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  #2521  
Old 01-26-2013
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Re: Big Freakin' Sails

Well, there are Vendee Globe racers, and then there are Vende Globe wannabes...

This guy was having a Big Freakin' Sail, alright - until he wasn't...

Gotta agree with Charlie Doane, on this one... An Archimbault 35 in the Southern Ocean? Seriously?

I imagine there's more than a couple of passengers on that cruise ship who are more than a tad annoyed with this guy, after not getting their full $20Ks worth on their Antarctic cruise...

This is one VERY lucky dude...

ALAIN DELORD: Vendee Globe Wanna-Be Rescued By Aussie Cruise Ship



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  #2522  
Old 01-26-2013
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Re: Big Freakin' Sails

Yeah, I remember reading about that guy. But everyone knows the rules of BFS...

Rescue=FAIL

You gotta bring her home for it to count.

(PS - Jon, do you agree with Chuck on this part?

"Delord, a very experienced ocean sailor, was apparently stalking the Vendee Globe fleet in a bid to sail non-stop around the world alone through the Southern Ocean when he was forced to abandon his boat.")
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  #2523  
Old 01-26-2013
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Re: Big Freakin' Sails

For some days that I had the intention to post about that on the Interesting boat thread but since you have posted here, well, it's done

The Archambault 35 is a great boat with an outstanding stability and is one of the favorite boats to race the Transquadra, a solo or duo Transat for amateurs. Many A35 (and smaller boats like the A31 or the SF 3200) made the race along the several editions without problems.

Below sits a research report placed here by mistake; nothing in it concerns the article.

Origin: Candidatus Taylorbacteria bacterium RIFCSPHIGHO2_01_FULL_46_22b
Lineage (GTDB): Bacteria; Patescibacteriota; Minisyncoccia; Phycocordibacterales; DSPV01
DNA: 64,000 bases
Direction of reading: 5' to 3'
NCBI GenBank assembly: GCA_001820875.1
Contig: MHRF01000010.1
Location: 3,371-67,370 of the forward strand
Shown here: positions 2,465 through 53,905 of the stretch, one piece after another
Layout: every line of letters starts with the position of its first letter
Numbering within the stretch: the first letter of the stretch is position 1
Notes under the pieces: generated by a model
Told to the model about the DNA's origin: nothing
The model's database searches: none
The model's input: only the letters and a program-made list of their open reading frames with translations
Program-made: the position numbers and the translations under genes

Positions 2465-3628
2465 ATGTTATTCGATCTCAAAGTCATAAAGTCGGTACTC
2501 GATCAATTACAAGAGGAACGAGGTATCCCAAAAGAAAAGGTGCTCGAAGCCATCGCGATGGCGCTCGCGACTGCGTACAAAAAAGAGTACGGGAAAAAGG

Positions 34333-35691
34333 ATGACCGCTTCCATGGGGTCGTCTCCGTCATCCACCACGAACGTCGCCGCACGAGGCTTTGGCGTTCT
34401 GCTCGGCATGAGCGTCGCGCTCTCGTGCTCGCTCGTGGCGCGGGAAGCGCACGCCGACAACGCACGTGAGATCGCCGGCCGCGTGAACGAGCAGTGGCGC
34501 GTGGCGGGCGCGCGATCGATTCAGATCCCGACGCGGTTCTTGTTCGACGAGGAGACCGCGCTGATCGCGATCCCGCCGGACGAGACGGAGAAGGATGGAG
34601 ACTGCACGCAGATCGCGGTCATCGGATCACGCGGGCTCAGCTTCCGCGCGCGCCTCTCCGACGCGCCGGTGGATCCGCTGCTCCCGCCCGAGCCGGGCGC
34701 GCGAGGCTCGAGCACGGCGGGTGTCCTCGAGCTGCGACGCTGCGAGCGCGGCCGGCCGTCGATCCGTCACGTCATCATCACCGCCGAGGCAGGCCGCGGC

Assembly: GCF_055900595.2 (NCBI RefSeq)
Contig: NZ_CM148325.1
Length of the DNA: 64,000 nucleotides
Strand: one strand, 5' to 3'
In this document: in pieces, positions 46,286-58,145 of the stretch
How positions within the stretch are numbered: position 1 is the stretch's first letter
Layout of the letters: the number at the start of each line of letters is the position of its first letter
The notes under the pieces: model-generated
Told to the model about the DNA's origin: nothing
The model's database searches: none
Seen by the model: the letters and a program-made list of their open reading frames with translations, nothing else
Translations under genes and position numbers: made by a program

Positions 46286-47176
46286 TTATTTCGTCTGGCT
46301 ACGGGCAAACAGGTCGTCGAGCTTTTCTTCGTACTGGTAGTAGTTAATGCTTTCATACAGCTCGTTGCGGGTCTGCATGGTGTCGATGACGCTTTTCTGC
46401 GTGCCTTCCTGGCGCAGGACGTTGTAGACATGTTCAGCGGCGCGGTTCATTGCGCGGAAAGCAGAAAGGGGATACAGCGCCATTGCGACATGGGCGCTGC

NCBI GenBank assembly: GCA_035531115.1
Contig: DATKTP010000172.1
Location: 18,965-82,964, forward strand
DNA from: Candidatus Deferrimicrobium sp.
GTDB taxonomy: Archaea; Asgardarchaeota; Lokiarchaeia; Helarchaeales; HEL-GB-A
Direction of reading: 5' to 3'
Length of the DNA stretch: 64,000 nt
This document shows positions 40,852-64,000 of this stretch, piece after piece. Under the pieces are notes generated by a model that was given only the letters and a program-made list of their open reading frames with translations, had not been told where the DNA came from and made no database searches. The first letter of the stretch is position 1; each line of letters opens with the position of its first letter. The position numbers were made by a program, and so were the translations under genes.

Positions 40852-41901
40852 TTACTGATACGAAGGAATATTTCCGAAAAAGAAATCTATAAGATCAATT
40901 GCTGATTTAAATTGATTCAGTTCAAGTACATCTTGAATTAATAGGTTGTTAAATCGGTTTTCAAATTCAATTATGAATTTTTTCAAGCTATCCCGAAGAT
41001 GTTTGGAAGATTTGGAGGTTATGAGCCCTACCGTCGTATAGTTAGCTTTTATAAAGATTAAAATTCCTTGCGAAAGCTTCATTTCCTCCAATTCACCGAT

But one thing is an offshore boat another a boat to sail or race in high latitudes.

I remember some years ago professionals discussing if a Class 40 racer, a bigger boat with a considerable bigger stability has safe to race on high latitudes. After that several circumnavigations races took place and the boat show that it was up to the job but the boats were duo crewed and it is not a non stop race. If the weather is particularly nasty they can post pone the start of each leg. Anyway I guess that in what concerns safety in what regards a light boat, a 40class racer is about the limit in what regards good sense.

Going for a non stop navigation with an intention to establish a reference mark (and that implies to sail on high latitudes) with a A35, alone with 64 years of age is madness. When someone does mad things, sometimes one can get lucky, others the very real possibility of disaster happens and that is the case.

The sad thing is that guys that try to pull stunts like these are looked by many, including responsible sail magazines, as a hero and not as a mad man.

Mon Voile Mag , Archive » Un sacré défi !

Alain Delord, marin morbihanais, a fait naufrage en mer de Tasmanie : Un navire vient à sa rencontre - France 3 Bretagne

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Re: Big Freakin' Sails

Quote:
Originally Posted by smackdaddy View Post
Yeah, I remember reading about that guy. But everyone knows the rules of BFS...

"Delord, a very experienced ocean sailor, was apparently stalking the Vendee Globe fleet in a bid to sail non-stop around the world alone through the Southern Ocean when he was forced to abandon his boat.")
Yes, he was a very experienced sailor but being experienced does not mean necessarily a reasonable one.

Delors had crossed the Atlantic 17 times and his best performance was a 3th place on the Mini class Transat in 2001.

Regards

Paulo
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  #2525  
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Re: Big Freakin' Sails

Paulo,

I noticed that this boat uses a "vacuum infused sandwich pvc" hull construction. I assume it's a pretty light boat? If so, maybe more easily holed by the rig?

Also, how do these compare to the Open 40s in terms of toughness? The two look very similar to me.